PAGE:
The artist's archive seems like an accumulation of media rubbish: as though shaped by detestation of things that are valuable, whose price is assessed as being too high. But on closer examination, it is possible to detect precious features of what is important to the individual in these banality dumps. They are produced by a dense network of intellectual reflection. This is fed by critical discourse about visual evidence and also by the rich resources of sociological study, above all by French authors, of media reality. Marcel Duchamp and Daniel Buren effortlessly become brothers, and the fathers, Vilem Flusser, Pierre Bordieu and Jean Baudrillard are somewhere in the background. Thierry Geoffroy/Colonel's work seems to offer a real visual version of Henri Lefebvre's concept of space production as a dialectical connection between the results of spatial-material practices based on perception, of mental and ideological interpretations and of emotional and psychosocial connections and relationships.
In fact the Colonel is self-taught, apart from a few years he spent as a medical student. The anti-authoritarian intellectual freedom this engenders emerges in the form of social impetus: the artist is looking for popularity in the service of communication without hierarchies, that does not seek to create hierarchies. Almost anywhere is the right place for a disturbance. No context is safe from him, from critical questioning. One of his exhibitions on 1996 was called "Placed in context - thrown out of context": Thierry Geoffroy/Colonel collects images, sometimes at enormous speed. He cuts, twists, turns, folds and moves them, watches how this changes them, sums up, categorizes and then observes the categories at work. He feeds the images back into the media channels and presents their modifications as mutations of meaning.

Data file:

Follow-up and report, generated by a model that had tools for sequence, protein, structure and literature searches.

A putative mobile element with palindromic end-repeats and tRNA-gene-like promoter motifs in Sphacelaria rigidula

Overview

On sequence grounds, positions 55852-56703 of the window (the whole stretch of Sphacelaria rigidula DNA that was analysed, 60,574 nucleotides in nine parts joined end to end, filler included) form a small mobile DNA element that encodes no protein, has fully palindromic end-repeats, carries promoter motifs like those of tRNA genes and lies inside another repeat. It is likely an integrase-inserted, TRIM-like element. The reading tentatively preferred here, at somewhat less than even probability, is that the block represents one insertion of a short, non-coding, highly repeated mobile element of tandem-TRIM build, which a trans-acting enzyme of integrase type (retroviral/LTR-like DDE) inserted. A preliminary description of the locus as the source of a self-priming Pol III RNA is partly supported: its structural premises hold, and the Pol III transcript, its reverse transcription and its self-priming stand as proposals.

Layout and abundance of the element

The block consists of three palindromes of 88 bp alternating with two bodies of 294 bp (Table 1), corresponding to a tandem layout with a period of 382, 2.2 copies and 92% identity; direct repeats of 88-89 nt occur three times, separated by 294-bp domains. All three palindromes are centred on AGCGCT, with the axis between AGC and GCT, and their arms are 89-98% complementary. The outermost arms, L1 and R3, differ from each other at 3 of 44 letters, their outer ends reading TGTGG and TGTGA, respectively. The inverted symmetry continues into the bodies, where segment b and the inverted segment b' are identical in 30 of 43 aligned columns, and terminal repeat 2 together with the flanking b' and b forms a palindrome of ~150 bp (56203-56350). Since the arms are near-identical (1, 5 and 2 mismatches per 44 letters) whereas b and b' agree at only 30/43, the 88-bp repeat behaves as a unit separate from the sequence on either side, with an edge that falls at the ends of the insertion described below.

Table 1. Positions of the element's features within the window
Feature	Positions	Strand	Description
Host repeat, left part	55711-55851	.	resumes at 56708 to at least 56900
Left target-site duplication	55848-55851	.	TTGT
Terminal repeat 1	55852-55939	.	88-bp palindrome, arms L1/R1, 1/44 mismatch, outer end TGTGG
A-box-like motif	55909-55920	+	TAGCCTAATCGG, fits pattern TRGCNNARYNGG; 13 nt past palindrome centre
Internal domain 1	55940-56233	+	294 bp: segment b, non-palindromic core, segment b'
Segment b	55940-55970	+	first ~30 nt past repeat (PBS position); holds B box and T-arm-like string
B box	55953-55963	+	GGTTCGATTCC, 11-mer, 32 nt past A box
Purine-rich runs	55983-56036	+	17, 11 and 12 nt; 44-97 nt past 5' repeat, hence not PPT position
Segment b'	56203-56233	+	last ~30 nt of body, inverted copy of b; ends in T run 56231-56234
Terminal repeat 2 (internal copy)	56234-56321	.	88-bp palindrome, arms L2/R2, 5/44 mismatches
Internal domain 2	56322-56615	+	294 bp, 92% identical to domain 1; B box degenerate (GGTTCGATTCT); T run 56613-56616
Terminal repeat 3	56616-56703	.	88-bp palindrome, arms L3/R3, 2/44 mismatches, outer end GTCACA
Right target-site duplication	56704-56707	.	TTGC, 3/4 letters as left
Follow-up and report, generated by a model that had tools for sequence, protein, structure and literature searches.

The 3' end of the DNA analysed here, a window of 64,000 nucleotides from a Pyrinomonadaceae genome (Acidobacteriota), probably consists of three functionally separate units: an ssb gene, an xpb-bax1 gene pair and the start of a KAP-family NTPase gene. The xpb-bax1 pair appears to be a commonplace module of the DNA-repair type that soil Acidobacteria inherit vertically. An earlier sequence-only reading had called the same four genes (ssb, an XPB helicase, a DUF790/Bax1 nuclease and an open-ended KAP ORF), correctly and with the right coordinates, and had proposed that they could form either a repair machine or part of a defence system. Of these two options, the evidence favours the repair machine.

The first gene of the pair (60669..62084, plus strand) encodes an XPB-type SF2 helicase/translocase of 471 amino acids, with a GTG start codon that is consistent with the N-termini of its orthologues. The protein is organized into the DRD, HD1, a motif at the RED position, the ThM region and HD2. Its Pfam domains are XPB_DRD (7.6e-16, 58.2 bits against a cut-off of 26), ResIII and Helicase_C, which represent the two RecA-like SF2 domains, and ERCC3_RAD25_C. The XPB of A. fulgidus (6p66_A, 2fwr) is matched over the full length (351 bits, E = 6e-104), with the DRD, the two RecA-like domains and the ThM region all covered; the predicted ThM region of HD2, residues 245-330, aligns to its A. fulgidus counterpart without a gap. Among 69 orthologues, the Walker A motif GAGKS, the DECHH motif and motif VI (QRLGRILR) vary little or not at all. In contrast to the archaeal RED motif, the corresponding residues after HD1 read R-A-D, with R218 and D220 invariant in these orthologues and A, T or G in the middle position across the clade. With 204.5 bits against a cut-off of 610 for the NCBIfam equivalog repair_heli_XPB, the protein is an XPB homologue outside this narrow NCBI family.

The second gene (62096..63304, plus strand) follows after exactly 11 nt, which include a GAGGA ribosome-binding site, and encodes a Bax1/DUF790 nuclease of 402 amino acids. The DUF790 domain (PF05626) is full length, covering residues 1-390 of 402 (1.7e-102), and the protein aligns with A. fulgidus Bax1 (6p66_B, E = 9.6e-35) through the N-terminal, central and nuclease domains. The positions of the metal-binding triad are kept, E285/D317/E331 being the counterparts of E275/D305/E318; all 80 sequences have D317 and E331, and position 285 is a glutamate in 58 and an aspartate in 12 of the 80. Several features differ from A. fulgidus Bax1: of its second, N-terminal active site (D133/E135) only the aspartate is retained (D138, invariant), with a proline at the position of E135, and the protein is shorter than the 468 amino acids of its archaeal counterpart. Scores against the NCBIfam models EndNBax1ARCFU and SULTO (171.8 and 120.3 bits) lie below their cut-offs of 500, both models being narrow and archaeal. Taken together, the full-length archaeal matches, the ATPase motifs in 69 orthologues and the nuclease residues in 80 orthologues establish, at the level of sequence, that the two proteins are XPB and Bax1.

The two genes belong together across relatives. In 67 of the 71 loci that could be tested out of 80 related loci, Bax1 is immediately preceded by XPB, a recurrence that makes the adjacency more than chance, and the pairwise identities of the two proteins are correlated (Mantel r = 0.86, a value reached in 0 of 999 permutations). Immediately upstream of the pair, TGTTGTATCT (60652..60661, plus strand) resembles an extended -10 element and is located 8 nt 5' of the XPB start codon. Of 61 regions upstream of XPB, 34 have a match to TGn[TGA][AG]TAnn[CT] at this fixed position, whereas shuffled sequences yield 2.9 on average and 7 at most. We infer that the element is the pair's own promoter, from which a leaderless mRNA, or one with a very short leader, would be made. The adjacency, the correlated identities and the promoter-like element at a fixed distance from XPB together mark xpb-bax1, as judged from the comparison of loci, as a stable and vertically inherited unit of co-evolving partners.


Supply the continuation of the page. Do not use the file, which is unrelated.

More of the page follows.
But there is one thing that Thierry Geoffroy/Colonel never does, even in the photographic collections of self-presentations by tourists and immigrants: he never denounces individuals in his image behaviour. He always addresses the image-political context the behaviour is rooted in,
So the fact that the artist constantly refers to his own biography, to the military and colonial surroundings of his early childhood, is less the expression of a desire to create artistic and biographical myths as a demonstrative way of taking the work back to individually experienced history.